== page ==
Sunglasses Test
Sunglasses Test OL

Once considered a luxury, polarized sunglasses are now within reach of most anglers, and the amount of science and technology that goes into building a pair of quality polarized fishing sunglasses is incredible. Modern high-end shades are a combination of components that have been refined through bioengineering, anthropometry (design based on human physical characteristics), and quantum electrodynamics.

Today’s fishing shades incorporate decades of research and development in optical innovation, and this technological evolution has led to ground-glass and thermoplastic polymer lenses that enable us to see farther and deeper with clearer resolution than ever before.

Polarized glasses have become de rigueur for anyone taking to the water. From weekend perch jerkers to deep-sea fishing guides, no fisherman should be without a pair. With this in mind, we gathered a representative field and put them through an exhaustive two-week test.


Smith Chief

These full-coverage glasses have a large lens area (1.7 by 2.4 inches), and the photochromic lenses adjust with the sun’s intensity–a fantastic feature for ever-changing light conditions. The glasses are excellent for nearly every fishing application. The fit-and-finish is the best in the field, as are the stainless hinges. The ground-glass lenses are far more scratch-resistant than a lot of the polycarbonates. Overall: ★ ★ ★ ★ Price: $199 Contact: Durability: A+ Lenses: A, Glass Comfort: A- Hinges: A+ Fit and Finish: A+ Price/Value: A- Weight: 1.54 oz Final Word: Big, beefy shades with photochromic glass lenses will find favor with nearly all fishermen.

Wiley X Saint

The shatter-proof lenses provide peace of mind when flipping tungsten weights, and they had no color aberration. The side-plates and hinges proved rugged, and the straight earpieces allow for easy on-off. A half-frame design keeps the weight under an ounce. An array of extras (clear lenses, a leash cord, a carrying case) helped make this an easy pick for our Great Buy award. Overall: ★ ★ ★ ★ Price: $80 Contact: Durability: A+ Lenses: B+ (PC) Comfort: A Hinges: B+ Fit and Finish: B- Price/Value: A+ Weight: 94oz Final Word: Tactical style with lenses that are certified for a worksite. A screaming deal, considering all the extras.

Costa Cat Cay

Costa’s time-tested 580P polycarbonate lenses are the foundation of the Cat Cay, and we found them to be incredibly scratch-­resistant. Front-frame cheek venting minimizes fogging, while the supple rubber nose pads and earpiece tips make them all-day comfortable. The lenses clarified the water extremely well, particularly in low-light conditions. This will be appreciated when the bite is on at dawn and dusk. Overall: ★ ★ ★ ★ Price: $149 Contact: Durability: A- Lenses: A+ (PC) Comfort: A Hinges: B- Fit and Finish: A- Price/Value: A- Weight: 1.12oz Final Word: A solid entry from one of the leaders in the fishing sunglass arena. Great in low light.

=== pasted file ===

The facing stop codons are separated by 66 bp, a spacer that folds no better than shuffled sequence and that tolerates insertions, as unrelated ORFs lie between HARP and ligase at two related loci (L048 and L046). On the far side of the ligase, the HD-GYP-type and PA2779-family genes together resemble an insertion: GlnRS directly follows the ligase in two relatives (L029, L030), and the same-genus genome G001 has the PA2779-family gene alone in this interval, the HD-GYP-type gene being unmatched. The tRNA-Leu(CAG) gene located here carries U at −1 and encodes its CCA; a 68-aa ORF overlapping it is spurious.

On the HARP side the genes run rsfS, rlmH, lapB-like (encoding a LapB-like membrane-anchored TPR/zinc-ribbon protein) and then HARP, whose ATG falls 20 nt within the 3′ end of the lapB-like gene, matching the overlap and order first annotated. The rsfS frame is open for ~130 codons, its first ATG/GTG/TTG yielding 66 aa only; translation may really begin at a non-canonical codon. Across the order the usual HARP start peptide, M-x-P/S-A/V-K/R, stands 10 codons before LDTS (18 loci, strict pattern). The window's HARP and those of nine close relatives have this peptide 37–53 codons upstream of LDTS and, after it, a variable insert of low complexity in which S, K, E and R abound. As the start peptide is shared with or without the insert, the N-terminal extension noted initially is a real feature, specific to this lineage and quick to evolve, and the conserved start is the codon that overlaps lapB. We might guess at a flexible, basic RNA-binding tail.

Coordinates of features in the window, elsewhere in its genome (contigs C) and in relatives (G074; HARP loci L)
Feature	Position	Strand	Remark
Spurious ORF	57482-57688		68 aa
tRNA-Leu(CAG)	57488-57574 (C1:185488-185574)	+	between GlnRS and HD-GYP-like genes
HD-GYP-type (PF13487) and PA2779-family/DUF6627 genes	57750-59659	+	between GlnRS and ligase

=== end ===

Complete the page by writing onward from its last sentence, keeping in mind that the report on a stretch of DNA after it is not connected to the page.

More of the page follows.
Maui Jim Waimea Canyon

This was the heaviest pair of glasses in the field (1.97 ounces), but the build is stout and well balanced. Wide side plates block stray peripheral light, making these a great choice for fishing in an unrelenting sun. Anti-corrosion spring hinges promise fuss-free operation and a subtly snug fit. The glass lenses are exceptionally clean and handled glare better than any in the field. Overall: ★ ★ ★ ½ Price: $229 Contact: Durability: A- Lenses: A+ Glass Comfort: B+ Hinges: A Fit and Finish: A- Price/Value: B- Weight: 1.97 Final Word: At nearly 2 ounces, they aren’t light, but they’re built like a tank and should last for many seasons.

Columbia Lobos

The Zeiss polycarbonate lenses are remarkably clean and crisp and had no color aberration or distortion. The wide frames cover the entire eye area neatly, and the hinges provide a snug fit. Rubber inserts on the inside of the earpieces and the tips keep the glasses in place. Outer inserts allow for a great grip when adjusting the glasses with wet hands. Overall: ★ ★ ★ ½ Price: $199 Contact: Durability: A Lenses: A+ Comfort: A Hinges: B- Fit and Finish: A- Price/Value: B- Weight: 1.10oz Final Word: With lenses from one of the world’s best optics makers, visual acuity is not an issue.